... Liu et al. [17] exploit hyperbolic geometry to learn the hierarchical representations. Similar to DeViSE [10], they minimize the Poincaré distance between the Poincaré label embeddings [20] and the image features embeddings. Barz & Denzler [2] map the embeddings onto a unit hypersphere and use LCA to encode the hierarchical distances. ...
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Label hierarchies are often available apriori as part of biological taxonomy or language datasets WordNet. Several works exploit these to learn hierarchy aware features in order to improve the classifier to make semantically meaningful mistakes while maintaining or reducing the overall error. In this paper, we propose a novel approach for learning Hierarchy Aware Features (HAF) that leverages classifiers at each level of the hierarchy that are constrained to generate predictions consistent with the label hierarchy. The classifiers are trained by minimizing a Jensen-Shannon Divergence with target soft labels obtained from the fine-grained classifiers. Additionally, we employ a simple geometric loss that constrains the feature space geometry to capture the semantic structure of the label space. HAF is a training time approach that improves the mistakes while maintaining top-1 error, thereby, addressing the problem of cross-entropy loss that treats all mistakes as equal. We evaluate HAF on three hierarchical datasets and achieve state-of-the-art results on the iNaturalist-19 and CIFAR-100 datasets. The source code is available at https://github.com/07Agarg/HAF.
... Such algorithms can be very effective in embedding hierarchical graphs. Nickel and Kiela [2017] proposed a new algorithm for learning hierarchical representations of symbolic data by embedding them into the hyperbolic space using the Poincaré-ball model. Later, they proposed a new optimization approach based on the Lorentz model of hyperbolic space for learning, while they found that learning embeddings in the Lorentz model is more efficient than in the Poincaré-ball model [Nickel and Kiela, 2018]. ...
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In recent years, graph neural networks (GNNs) have emerged as a promising tool for solving machine learning problems on graphs. Most GNNs are members of the family of message passing neural networks (MPNNs). There is a close connection between these models and the Weisfeiler-Leman (WL) test of isomorphism, an algorithm that can successfully test isomorphism for a broad class of graphs. Recently, much research has focused on measuring the expressive power of GNNs. For instance, it has been shown that standard MPNNs are at most as powerful as WL in terms of distinguishing non-isomorphic graphs. However, these studies have largely ignored the distances between the representations of nodes/graphs which are of paramount importance for learning tasks. In this paper, we define a distance function between nodes which is based on the hierarchy produced by the WL algorithm, and propose a model that learns representations which preserve those distances between nodes. Since the emerging hierarchy corresponds to a tree, to learn these representations, we capitalize on recent advances in the field of hyperbolic neural networks. We empirically evaluate the proposed model on standard node and graph classification datasets where it achieves competitive performance with state-of-the-art models.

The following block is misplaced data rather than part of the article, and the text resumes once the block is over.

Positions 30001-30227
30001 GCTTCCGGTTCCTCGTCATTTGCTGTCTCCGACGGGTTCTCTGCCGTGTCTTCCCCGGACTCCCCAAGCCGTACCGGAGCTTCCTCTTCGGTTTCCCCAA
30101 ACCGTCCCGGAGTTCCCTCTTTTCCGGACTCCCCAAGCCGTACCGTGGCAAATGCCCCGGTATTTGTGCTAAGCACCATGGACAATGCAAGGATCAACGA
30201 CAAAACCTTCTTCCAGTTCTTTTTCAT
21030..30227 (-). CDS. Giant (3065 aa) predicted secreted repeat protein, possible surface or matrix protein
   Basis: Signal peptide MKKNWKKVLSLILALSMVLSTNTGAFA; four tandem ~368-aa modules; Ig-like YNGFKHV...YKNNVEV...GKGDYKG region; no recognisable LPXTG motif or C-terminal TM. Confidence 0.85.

Chapter
In practice, many medical datasets have an underlying taxonomy defined over the disease label space. However, existing classification algorithms for medical diagnoses often assume semantically independent labels. In this study, we aim to leverage class hierarchy with deep learning algorithms for more accurate and reliable skin lesion recognition. We propose a hyperbolic network to jointly learn image embeddings and class prototypes. The hyperbola provably provides a space for modeling hierarchical relations better than Euclidean geometry. Meanwhile, we restrict the distribution of hyperbolic prototypes with a distance matrix which is encoded from the class hierarchy. Accordingly, the learned prototypes preserve the semantic class relations in the embedding space and we can predict label of an image by assigning its feature to the nearest hyperbolic class prototype. We use an in-house skin lesion dataset which consists of \(\sim \)230k dermoscopic images on 65 skin diseases to verify our method. Extensive experiments provide evidence that our model can achieve higher accuracy with less severe classification errors compared to that of models without considering class relations.KeywordsSkin lesion recognitionClass hierarchyDeep learningHyperbolic geometry
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This paper presents the Hager–Zhang (HZ)-type Riemannian conjugate gradient method that uses the exponential retraction. We also present global convergence analyses of our proposed method under two kinds of assumptions. Moreover, we numerically compare our proposed methods with the existing methods by solving two kinds of Riemannian optimization problems on the unit sphere. The numerical results show that our proposed method has much better performance than the existing methods, i.e., the FR, DY, PRP, and HS methods. In particular, they show that it has much higher performance than existing methods including the hybrid ones in computing the stability number of graphs problem.
Chapter